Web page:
Fridays, weeks 5 to 8 (starting 28 May), 4pm (UK time) on Microsoft Teams
This is a new lecture series convened by Emmanuel Ordonez Angulo under the Philosophy Faculty’s graduate lecture scheme. Many students on the MSt in Film Aesthetics will be interested in this series and wish to attend. The lectures will allow much room for discussion, aiming at fruitful interaction between philosophers and film scholars.
A course breakdown with readings is attached, and there follows a summary from the lecturer (whom you may contact directly with any questions).
The assumption is often found in the study of film that there is a passage running from the aesthetic to the epistemic to the ethical to the political. Films don’t only have a power to induce aesthetic experiences; they also have the power to give us knowledge. And this knowledge can be normative in nature. It can be knowledge about what is good, both ethically – in terms of how we treat our fellow creatures – and politically – of how we relate to the community. Much of the epistemic and normative power cinema is regarded to have stems from its distinctive resources. These resources can be cashed out in terms of the medium’s power to steer the phenomenology of the audience’s perceptual and affective experience.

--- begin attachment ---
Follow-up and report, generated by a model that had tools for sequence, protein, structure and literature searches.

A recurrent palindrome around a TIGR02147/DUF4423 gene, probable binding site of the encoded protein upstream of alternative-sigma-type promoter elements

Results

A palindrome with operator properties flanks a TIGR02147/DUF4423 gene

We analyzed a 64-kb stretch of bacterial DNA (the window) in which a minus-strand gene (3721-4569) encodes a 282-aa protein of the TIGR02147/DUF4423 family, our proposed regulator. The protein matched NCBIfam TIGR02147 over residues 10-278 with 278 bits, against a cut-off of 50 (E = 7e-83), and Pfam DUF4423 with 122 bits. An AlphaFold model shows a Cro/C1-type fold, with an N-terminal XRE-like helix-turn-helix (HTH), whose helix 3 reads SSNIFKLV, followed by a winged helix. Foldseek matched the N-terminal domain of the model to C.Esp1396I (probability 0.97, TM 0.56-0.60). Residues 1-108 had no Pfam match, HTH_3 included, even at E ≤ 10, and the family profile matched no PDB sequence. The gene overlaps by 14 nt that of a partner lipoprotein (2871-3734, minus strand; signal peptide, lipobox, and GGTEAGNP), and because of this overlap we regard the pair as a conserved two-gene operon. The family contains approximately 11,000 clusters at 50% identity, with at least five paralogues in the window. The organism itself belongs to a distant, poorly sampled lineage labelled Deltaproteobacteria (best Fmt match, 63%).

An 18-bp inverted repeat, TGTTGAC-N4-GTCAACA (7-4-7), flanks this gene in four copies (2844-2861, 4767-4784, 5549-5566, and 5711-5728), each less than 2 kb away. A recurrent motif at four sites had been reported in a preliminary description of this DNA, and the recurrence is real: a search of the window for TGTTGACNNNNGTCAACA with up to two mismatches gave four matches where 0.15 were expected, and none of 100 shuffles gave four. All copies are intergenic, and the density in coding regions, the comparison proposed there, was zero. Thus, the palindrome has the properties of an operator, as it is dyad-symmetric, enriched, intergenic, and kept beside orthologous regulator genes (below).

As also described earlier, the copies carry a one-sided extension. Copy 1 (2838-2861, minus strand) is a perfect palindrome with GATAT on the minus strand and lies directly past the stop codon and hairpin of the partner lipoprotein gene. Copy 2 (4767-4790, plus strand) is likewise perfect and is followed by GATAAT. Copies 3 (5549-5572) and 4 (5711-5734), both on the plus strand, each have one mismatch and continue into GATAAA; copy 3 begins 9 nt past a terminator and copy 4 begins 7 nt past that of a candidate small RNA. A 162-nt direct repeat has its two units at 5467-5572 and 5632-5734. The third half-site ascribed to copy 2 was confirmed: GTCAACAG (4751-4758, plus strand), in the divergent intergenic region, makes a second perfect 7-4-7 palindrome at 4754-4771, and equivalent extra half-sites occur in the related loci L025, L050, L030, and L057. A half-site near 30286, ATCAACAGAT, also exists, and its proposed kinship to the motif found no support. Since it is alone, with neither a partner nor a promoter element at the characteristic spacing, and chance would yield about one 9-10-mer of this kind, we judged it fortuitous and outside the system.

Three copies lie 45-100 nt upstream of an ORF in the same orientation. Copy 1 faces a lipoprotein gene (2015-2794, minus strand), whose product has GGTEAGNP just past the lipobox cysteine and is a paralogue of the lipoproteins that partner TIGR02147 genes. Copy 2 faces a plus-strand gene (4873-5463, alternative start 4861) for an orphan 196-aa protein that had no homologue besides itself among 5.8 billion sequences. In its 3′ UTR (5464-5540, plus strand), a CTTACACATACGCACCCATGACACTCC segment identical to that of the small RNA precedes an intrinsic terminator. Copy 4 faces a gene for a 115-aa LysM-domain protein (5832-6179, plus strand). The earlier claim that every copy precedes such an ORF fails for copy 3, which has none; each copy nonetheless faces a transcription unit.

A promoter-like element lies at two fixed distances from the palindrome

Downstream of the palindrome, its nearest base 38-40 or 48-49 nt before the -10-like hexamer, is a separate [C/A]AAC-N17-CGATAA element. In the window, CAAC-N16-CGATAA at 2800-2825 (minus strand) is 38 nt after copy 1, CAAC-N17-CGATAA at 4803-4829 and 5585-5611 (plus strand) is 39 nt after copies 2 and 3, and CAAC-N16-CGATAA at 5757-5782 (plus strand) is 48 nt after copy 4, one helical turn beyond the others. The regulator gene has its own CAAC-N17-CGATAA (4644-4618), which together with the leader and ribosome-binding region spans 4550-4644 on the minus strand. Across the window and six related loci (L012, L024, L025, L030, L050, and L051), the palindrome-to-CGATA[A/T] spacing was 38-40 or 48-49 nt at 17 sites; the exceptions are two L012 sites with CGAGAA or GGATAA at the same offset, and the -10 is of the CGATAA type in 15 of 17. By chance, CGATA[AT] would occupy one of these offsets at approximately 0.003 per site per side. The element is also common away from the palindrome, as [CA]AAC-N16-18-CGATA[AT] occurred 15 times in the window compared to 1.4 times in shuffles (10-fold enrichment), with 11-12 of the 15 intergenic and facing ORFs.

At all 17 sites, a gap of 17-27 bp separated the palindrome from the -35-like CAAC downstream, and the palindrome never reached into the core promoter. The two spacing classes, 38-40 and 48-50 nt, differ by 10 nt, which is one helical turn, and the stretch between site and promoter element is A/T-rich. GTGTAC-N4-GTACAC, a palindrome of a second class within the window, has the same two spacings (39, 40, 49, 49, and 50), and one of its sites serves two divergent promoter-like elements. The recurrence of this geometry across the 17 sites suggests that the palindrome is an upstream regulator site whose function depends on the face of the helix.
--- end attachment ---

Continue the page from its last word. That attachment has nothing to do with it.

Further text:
In these lectures we will draw on recent work in both philosophy of film and fiction and philosophy of mind to attempt an exploration of cinema’s power to engage the moral imagination by taking, as a guiding thread, a paradigmatic end of art: to have viewers empathize with the suffering of others. The lectures are conceived as a space of discussion rather than of information delivery. We will read and view material from academic and non-academic sources, written by philosophers, scientists and artists. Film scholars, philosophers, film buffs and everyone else welcome!
View the full programme